Today's Veterinary Business

JUN 2018

Today’s Veterinary Business provides information and resources designed to help veterinarians and office management improve the financial performance of their practices, allowing them to increase the level of patient care and client service.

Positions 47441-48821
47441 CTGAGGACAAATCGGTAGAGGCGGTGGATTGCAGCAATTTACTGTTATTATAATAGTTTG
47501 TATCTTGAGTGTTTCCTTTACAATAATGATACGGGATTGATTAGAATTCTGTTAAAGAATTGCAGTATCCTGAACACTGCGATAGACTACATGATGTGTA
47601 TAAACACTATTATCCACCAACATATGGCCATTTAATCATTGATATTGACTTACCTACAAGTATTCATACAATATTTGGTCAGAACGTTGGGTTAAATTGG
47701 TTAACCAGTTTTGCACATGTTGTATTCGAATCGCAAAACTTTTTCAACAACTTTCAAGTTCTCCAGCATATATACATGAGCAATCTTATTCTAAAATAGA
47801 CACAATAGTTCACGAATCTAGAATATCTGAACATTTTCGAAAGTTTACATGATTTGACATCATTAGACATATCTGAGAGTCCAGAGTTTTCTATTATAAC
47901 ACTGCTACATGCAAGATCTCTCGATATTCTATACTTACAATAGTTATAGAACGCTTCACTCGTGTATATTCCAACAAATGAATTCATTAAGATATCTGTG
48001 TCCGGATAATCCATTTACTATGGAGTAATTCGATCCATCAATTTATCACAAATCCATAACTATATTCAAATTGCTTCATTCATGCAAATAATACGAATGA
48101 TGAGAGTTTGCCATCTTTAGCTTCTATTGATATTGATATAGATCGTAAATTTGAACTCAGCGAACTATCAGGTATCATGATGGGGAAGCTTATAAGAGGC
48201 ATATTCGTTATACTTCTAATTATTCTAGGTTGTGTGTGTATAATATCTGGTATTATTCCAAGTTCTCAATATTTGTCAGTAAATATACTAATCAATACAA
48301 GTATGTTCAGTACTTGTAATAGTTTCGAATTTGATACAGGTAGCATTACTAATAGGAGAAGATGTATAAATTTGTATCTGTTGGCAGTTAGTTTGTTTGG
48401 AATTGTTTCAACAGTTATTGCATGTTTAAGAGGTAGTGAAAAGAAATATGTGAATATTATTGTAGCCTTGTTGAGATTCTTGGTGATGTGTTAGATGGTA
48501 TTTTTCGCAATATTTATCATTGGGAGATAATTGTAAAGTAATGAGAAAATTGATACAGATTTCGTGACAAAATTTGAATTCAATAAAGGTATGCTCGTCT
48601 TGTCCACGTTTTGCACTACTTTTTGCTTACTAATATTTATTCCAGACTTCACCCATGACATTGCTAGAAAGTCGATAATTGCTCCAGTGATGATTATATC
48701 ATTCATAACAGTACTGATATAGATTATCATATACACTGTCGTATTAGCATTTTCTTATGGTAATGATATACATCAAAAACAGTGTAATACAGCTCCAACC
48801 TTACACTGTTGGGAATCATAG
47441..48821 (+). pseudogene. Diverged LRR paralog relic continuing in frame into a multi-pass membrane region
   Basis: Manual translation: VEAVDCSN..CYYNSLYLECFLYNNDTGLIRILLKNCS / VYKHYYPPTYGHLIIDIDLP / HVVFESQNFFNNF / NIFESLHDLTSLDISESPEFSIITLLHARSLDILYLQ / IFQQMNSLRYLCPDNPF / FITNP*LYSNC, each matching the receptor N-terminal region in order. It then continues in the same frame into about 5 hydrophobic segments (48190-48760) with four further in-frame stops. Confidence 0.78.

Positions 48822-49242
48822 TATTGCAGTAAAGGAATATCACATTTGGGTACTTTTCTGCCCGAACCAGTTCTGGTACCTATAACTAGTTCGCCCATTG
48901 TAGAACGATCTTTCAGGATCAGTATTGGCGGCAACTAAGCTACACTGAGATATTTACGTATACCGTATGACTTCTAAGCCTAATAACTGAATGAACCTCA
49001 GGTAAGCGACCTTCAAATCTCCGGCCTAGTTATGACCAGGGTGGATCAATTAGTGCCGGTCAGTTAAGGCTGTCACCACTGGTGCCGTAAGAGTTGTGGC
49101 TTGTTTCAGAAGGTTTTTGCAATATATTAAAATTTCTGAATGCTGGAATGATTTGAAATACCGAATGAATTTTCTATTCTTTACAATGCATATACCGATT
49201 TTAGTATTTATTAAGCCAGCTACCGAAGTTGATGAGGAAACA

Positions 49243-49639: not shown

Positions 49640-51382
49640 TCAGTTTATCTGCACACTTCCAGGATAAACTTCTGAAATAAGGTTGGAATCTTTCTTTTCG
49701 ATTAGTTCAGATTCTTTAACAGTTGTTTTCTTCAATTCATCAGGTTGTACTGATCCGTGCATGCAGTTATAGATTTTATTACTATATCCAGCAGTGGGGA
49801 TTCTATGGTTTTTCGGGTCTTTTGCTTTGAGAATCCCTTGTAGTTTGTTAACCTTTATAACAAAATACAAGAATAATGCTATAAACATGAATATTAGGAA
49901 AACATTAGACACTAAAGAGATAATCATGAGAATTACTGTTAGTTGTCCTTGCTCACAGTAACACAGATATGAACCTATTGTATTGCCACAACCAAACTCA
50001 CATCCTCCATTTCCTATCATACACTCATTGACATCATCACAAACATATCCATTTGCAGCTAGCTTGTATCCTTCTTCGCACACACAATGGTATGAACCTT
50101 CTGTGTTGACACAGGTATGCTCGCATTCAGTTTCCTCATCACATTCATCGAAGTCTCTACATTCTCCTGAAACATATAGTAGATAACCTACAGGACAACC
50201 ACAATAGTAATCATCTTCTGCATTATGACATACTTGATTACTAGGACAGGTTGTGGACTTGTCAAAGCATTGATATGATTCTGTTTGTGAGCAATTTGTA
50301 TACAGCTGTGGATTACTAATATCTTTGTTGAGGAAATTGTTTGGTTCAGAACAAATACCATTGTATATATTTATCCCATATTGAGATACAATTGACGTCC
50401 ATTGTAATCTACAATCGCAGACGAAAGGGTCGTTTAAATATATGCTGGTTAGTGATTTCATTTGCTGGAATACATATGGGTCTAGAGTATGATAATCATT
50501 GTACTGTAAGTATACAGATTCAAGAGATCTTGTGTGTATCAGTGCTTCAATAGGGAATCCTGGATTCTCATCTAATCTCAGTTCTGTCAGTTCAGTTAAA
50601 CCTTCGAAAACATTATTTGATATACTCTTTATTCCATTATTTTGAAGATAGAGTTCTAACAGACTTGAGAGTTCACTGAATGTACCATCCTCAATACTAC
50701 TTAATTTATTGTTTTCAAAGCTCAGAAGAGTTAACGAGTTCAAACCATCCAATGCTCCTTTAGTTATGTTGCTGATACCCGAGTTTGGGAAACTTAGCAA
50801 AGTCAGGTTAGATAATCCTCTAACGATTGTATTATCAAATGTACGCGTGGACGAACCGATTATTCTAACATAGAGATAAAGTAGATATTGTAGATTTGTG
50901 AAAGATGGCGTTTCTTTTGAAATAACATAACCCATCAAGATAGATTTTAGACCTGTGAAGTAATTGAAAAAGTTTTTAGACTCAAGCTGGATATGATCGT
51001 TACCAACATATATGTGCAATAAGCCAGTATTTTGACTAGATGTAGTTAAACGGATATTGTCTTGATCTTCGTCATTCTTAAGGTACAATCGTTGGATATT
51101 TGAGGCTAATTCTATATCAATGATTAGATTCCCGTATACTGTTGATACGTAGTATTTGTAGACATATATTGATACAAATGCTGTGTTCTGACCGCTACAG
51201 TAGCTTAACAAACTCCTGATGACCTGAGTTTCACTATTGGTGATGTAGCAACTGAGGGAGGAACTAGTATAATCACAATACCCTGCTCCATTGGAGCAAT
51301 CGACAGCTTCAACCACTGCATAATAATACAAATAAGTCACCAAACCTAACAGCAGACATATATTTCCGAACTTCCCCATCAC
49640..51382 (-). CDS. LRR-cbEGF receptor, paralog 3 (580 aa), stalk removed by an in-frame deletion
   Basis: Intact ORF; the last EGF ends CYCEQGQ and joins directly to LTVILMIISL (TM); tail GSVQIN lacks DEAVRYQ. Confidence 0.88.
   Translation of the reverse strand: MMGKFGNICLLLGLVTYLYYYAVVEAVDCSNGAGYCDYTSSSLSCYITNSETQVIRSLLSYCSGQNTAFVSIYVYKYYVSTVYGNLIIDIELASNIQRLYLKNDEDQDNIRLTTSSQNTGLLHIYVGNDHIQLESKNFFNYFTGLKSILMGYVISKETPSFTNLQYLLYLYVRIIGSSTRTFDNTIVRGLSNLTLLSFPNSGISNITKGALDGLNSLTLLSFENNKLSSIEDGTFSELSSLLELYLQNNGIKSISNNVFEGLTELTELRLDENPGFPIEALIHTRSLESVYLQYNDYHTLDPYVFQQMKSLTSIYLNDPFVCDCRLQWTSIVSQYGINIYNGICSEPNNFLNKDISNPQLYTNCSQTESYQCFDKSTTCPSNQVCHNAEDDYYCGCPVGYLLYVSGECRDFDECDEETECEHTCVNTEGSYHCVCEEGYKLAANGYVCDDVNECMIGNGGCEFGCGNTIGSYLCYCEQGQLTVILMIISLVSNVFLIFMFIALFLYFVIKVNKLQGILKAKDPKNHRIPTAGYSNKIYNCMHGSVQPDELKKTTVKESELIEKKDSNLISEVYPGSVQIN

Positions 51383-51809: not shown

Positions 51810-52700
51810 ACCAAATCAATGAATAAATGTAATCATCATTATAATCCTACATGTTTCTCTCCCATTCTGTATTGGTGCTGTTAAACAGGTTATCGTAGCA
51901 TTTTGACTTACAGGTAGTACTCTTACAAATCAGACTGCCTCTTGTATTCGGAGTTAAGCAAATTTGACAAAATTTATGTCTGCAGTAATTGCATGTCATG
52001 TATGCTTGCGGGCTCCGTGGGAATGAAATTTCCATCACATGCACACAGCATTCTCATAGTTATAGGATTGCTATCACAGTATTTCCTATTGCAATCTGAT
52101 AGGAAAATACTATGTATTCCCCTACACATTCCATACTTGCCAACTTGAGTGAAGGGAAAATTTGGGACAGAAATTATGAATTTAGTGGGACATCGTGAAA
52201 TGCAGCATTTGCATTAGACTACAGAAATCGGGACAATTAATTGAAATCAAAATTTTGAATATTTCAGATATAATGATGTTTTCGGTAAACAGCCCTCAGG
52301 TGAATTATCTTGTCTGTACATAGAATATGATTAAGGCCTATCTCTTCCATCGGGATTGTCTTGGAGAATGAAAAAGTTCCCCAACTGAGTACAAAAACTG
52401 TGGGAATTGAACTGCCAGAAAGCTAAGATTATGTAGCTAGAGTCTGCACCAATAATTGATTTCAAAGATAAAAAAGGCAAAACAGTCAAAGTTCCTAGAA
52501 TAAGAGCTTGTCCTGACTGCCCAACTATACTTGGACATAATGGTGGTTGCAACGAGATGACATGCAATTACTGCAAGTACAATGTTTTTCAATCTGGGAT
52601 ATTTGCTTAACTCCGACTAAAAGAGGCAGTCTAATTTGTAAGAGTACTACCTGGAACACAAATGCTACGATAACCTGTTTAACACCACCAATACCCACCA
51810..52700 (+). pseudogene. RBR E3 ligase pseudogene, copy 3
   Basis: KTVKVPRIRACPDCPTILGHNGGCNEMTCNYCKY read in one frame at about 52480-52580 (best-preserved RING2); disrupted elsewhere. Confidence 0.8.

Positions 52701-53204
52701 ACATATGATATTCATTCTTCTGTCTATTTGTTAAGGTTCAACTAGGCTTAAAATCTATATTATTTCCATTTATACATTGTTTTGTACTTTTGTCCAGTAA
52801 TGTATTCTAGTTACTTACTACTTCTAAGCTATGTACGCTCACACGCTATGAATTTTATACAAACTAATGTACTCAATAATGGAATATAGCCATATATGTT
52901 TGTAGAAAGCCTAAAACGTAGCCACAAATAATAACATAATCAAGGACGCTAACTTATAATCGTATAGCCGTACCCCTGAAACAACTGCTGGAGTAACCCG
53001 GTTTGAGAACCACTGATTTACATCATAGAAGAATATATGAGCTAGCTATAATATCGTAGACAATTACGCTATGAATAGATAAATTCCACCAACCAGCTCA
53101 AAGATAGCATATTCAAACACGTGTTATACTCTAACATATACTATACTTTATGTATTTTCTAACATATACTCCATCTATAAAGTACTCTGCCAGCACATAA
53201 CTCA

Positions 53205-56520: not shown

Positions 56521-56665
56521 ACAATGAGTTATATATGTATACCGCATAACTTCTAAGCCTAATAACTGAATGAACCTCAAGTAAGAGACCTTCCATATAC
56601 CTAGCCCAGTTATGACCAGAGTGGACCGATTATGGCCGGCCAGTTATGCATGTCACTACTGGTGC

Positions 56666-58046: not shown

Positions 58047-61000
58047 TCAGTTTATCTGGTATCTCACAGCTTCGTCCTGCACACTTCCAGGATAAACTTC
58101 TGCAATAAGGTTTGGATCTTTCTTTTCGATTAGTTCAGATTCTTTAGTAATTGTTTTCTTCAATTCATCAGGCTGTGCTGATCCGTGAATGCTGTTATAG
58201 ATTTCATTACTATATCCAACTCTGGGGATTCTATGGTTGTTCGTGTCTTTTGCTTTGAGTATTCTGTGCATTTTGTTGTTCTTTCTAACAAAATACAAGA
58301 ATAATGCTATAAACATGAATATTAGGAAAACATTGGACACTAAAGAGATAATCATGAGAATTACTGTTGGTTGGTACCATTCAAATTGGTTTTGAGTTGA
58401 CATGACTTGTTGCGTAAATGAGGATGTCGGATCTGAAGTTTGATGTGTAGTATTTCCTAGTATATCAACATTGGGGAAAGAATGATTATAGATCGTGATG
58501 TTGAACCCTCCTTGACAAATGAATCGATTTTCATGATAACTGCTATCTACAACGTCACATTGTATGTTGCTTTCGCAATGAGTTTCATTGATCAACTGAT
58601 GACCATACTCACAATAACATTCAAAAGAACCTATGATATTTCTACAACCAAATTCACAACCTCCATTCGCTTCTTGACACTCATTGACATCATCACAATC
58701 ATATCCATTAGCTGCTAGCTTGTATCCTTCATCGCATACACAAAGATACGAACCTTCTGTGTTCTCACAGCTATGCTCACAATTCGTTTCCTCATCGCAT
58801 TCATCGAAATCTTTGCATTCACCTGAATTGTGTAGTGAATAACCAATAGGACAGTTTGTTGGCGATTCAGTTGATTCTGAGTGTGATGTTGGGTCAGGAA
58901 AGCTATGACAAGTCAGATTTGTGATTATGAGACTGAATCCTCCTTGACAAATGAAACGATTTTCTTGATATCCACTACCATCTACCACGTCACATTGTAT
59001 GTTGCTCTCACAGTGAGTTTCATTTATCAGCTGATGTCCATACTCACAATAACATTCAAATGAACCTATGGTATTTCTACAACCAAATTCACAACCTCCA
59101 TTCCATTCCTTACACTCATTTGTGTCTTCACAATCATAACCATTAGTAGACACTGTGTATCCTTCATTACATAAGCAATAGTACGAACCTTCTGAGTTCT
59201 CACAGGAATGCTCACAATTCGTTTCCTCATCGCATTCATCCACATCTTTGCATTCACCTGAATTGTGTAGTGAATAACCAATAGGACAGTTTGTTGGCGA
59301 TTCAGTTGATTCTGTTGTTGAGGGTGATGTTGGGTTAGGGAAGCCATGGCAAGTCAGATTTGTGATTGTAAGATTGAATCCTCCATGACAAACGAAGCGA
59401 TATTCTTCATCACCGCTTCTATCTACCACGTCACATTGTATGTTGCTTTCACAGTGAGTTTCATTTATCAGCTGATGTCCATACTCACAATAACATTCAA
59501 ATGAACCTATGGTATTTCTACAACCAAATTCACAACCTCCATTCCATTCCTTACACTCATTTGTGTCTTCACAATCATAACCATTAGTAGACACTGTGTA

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40 Today's Veterinary Business Communication protocols that can generate income for further hospital investment. Consider this: Nationally rec- ognized veterinary dentist Brook Niemiec, DVM, DAVDC, explains that if a practice can do one more procedure a day, five days a week, at an average retail cost of $400, the practice can earn an additional $8,000 a month. Eight thousand additional revenue dollars can make a big difference in any veteri- nary business. Please the Senses Once a client provides authoriza- tion, consider ways to reduce the fear, anxiety and stress associated with the entire procedure, includ- ing preoperative arrival and diag- nostics and postoperative recovery. Besides the universal recom- mendation of utilizing a pre-visit pharmaceutical for the patient, encourage clients to travel to the practice while listening to soothing music, like "Through a Dogs Ear" on iCalmPet. Pheromones like Adaptil for dogs and Feliway for cats can be very helpful creating natural relax- ation in the car or carrier. The patient also can be administered a dose of maropitant in a small treat two to four hours before the procedure. This will reduce the chance of nau- sea and vomiting and get the animal to eat sooner after anesthesia. Once the patient arrives and to lessen distractions, have a dental technician handle the admission inside an exam room, if possible. Painful stimuli, like blood draws and placement of intravenous catheters, can be drastically reduced if topical lidocaine gel is applied to a shaved site 15 minutes before the venipunc- ture. A ThunderShirt or Thundercap can be used in the hospital to reduce preoperative anxiety, and a warm towel or bed can bring extra comfort. Each veterinary dental team should prioritize pain management cocktails to address intraoperative discomfort. Also, be sure to antici- pate what will be needed in recov- ery. The postoperative process will succeed not only because of the pharmaceutical choices but due to diligent anesthetic monitoring and important feeding recommendations. Veterinary dentists recommend changing what the dog or cat eats into something they love. This might mean adding scrambled eggs to a dog's diet or pureeing a soft canned food into a souplike meal for cats. If the patient's mouth is painful at meal time, the animal can de- velop an aversion to the food or to eating in general. This can develop into an anxiety that sometimes proves difficult to resolve. '42 Little Patients' As another prominent veterinary dentist, Jan Bellows, DVM, DAVDC, DABVP, said in a podcast: "Near- ly 70 to 80 percent of dogs and cats that present to your practice typically have some form of dental disease. Consider every dog as having 42 little patients inside their mouth, and 30 little patients inside the mouths of cats." If we think in this framework, we can put oral health in the forefront of the physical exam, demonstrate periodontal disease in real time to clients, and educate them about the disease, treatment options and prevention. However, we must keep in mind that a large number of clients are fearful about their own dental visits, their pet's dental appoint- ment, anesthesia and the financial investment. Take a moment with your team to identify all the client and patient touch points in which fear, anxiety and stress can be re- duced or eliminated. Consider the initial consult, the preanesthetic blood draw, the procedure and the recovery period. As veterinarians, we have a unique opportunity to address and change fears associated with den- tistry. We can build our business and continue to do better and be better for our clients and patients. Fearless columnist Dr. Natalie Marks is co-owner of Blum Animal Hospital in Chicago. She is Fear Free certified. Communication FEARLESS Thinking back, I realized how much the lapses had cost the slow-responding dentists. Over the next several months, I spent several thousand dollars on a root canal and teeth aligning. Revenue Generator Think about this: If a pet owner reaches out and you don't respond within a reasonable time frame, how much revenue are you losing? Did the potential client have multi- ple pets, and was he willing to pay for great service? You'll never know! Ultimately, it was the New Client Concierge who gained my loyalty. This is the main takeaway: If you put the right infrastructure in place to make new clients immediately feel at home, you'll win new busi- ness and experience an immediate boon for your veterinary practice. To do this, you can set up a texting service, find a texting app or assign the responsibility to your front desk. I recommend choosing the option that feels best. Every cli- ent you encounter is different, but each deserves to feel special. When people leave a voicemail and their mobile number, or fill out a website form, try using the New Client Con- cierge technique to contact them. It's as simple as reaching out, ensuring they feel welcome and getting the next steps in place to ensure their first appointment goes spectacularly well. How to Do It Are you ready to set up a New Cli- ent Concierge of your own? Follow these three steps to surprise and delight new pet owners who come your way. Prepare a website contact form for prospective clients. Include a small check box for "Per- mission to Text." This authorization will allow you to contact them with a welcome text and immediately introduce your New Client Con- cierge service. Determine the best options for implementing the ser- vice. If you have a tech-savvy front desk or staff, they might be able to handle the task using a mobile phone dedicated for office use. You might determine that you want an online service to implement the service, and I assure you there are many from which to choose. Have fun with the new service. It will add a personal touch to your veterinary practice and a bit of personality. When pro- spective clients reach out, don't be afraid to reach back. It's a pleasure to build your business and gain new pet owners. Make sure that pet owners reaching out to you feel appreciated and become excited about their very first appointment. The New Client Concierge is a win-win. You can leverage technology to gain new clients, increase brand loyalty and show appreciation for those interested in your services. The best way to gain an advantage in today's marketplace is to go the extra mile whenever you can. That's exactly what this service does. I consider it invaluable, and I'm still blown away that I discovered it by accident. When pet owners are looking for a local veterinary practice that will treat them like family, why should they look any farther than your front door? By following the steps above and introducing prospective cli- ents to your New Client Concierge, you'll open your arms to new pet owners and stay on the forefront of what veterinary practices are offering today. Setting up the right infrastructure can deliver lifetime customer loyalty. Socially Acceptable columnist Eric D. Garcia is an IT and digital consultant who works exclusively with veterinary practices and speaks at veterinary conferences around the world. Learn more at www.ericgarciafl.com. 1 2 3 Continued from Page 38